Last week, The Inquisitr had reported about the death of character actor James Rebhorn from Cancer. The 65-year-old veteran actor had assumed several characters in his cinematic career starring in several hit movies and television shows. He was also a theater veteran with several stage appearances. James was diagnosed with Melanoma in 1992 and had been battling the disease all the while, until his passing.
The Hollywood Reporter quotes Rebhorn’s agent Dianne Busch who revealed that James was very touched by a character that featured alongside his own in one of his last theater roles. This character didn’t quite like the obituaries that appeared in newspapers, and decided to write her own. This seems to have inspired James to write his own obituary before he passed away, last Friday.
Rebhorn was a longtime member of the St. Paul Lutheran Church. The New Jersey Church where Rebhorn was a member has posted the obituary on its website. The Obituary was titled “His Life, According to Jim.”
And this is the exact text of the same, reproduced here:
James Robert Rebhorn was born on Sept. 1, 1948, in Philadelphia, PA. His mother, Ardell Frances Rebhorn, nee Hoch, loved him very much and supported all his dreams. She taught him the value of good manners and courtesy, and that hospitality is no small thing. His father, James Harry Rebhorn, was no less devoted to him. From him, Jim learned that there is no excuse for poor craftsmanship. A job well done rarely takes more or less time than a job poorly done. They gave him his faith and wisely encouraged him to stay in touch with God.
He is survived by his sister, Janice Barbara Galbraith, of Myrtle Beach, SC. She was his friend, his confidant, and, more often than either of them would like to admit, his bridge over troubled waters.
He is also survived by his wife, Rebecca Fulton Linn, and his two daughters, Emma Rebecca Rebhorn and Hannah Linn Rebhorn. They anchored his life and gave him the freedom to live it. Without them, always at the center of his being, his life would have been little more than a vapor. Rebecca loved him with all his flaws, and in her the concept of ceaseless love could find no better example.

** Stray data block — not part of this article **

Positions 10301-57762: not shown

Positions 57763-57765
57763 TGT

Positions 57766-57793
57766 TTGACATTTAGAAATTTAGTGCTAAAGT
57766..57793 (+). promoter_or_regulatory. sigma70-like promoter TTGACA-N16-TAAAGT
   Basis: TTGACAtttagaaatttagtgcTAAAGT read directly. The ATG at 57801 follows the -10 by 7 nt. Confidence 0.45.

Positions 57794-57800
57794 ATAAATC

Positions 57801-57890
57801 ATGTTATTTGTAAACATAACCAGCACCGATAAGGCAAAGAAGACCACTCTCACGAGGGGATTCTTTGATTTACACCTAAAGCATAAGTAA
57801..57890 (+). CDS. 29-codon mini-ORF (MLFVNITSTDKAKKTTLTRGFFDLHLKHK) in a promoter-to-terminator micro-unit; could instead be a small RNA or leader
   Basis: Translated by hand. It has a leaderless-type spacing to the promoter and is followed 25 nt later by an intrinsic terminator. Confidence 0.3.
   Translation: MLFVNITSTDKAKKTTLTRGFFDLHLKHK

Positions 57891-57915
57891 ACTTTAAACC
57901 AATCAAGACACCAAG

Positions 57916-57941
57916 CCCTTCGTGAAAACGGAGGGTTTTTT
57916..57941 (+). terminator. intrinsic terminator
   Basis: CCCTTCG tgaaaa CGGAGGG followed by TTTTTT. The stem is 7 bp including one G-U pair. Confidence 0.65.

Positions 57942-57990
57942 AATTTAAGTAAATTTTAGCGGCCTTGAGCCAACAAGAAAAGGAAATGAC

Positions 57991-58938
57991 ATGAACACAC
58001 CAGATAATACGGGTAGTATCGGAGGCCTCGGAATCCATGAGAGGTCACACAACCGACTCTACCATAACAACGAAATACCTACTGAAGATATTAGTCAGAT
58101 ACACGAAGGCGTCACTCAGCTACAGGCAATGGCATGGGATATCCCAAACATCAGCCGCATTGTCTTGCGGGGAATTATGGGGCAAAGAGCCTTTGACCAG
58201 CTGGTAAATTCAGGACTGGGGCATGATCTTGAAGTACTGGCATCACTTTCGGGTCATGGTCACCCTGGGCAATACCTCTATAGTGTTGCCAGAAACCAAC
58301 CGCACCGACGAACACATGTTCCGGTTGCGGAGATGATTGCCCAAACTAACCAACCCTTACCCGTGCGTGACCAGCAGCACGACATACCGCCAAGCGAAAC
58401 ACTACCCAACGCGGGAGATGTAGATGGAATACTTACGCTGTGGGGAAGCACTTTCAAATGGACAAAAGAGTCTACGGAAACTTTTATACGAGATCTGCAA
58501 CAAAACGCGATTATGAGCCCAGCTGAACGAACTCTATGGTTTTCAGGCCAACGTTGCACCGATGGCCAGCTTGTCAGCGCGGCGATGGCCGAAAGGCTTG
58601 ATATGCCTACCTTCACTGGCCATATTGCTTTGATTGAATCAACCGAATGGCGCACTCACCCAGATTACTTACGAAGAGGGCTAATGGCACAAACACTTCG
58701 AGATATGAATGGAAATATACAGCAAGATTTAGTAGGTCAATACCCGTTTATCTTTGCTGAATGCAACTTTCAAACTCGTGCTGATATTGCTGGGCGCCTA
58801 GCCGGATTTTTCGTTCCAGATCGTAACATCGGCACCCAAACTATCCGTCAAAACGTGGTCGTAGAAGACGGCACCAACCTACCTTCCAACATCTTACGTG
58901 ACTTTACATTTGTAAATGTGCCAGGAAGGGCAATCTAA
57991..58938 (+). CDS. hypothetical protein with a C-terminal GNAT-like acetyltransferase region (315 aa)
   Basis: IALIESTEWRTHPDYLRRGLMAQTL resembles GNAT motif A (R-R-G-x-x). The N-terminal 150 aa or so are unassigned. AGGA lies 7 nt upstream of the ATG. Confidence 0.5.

His children made him immensely proud. Their dedication to improving our species and making the world a better place gave him hope for the future. They deal with grief differently, and they should each manage it as they see fit. He hopes, however, that they will grieve his passing only as long as necessary. They have much good work to do, and they should get busy doing it. Time is flying by. His son-in-law, Ben, also survives him. Jim loved Ben, who was as a son to Jim, especially through these last months.
His aunts Jean, Dorothy and Florence, numerous cousins and their families, and many devoted friends also survive Jim. He loved them all, and he knows they loved him.
Jim received his BA at Wittenberg University and his MFA at Columbia. He was a member of Lambda Chi Alpha Nu Zeta 624, a life-long Lutheran, and a longtime member of both the AMC and ACLU.
Jim was fortunate enough to earn his living doing what he loved. He was a professional actor. His unions were always there for him, and he will remain forever grateful for the benefits he gained as a result of the union struggle. Without his exceptional teachers and the representation of the best agents in the business, he wouldn’t have had much of a career. He was a lucky man in every way.
–Jim Rebhorn, March 2014
People close to James Rebhorn have also been invited to a private funeral service at the St. Paul church at 11 am on Friday, March 28.
James Rebhorn was known for his character and played the role of Frank Mathison on the Showtime drama Homeland. He was also famous for his portrayal as special Agent Reese Hughes on White Collar. Some of his most famous movie appearances were in Scent of a Woman (1992), Independence Day (1996) and The Game (1997).
[Image via Hitfix]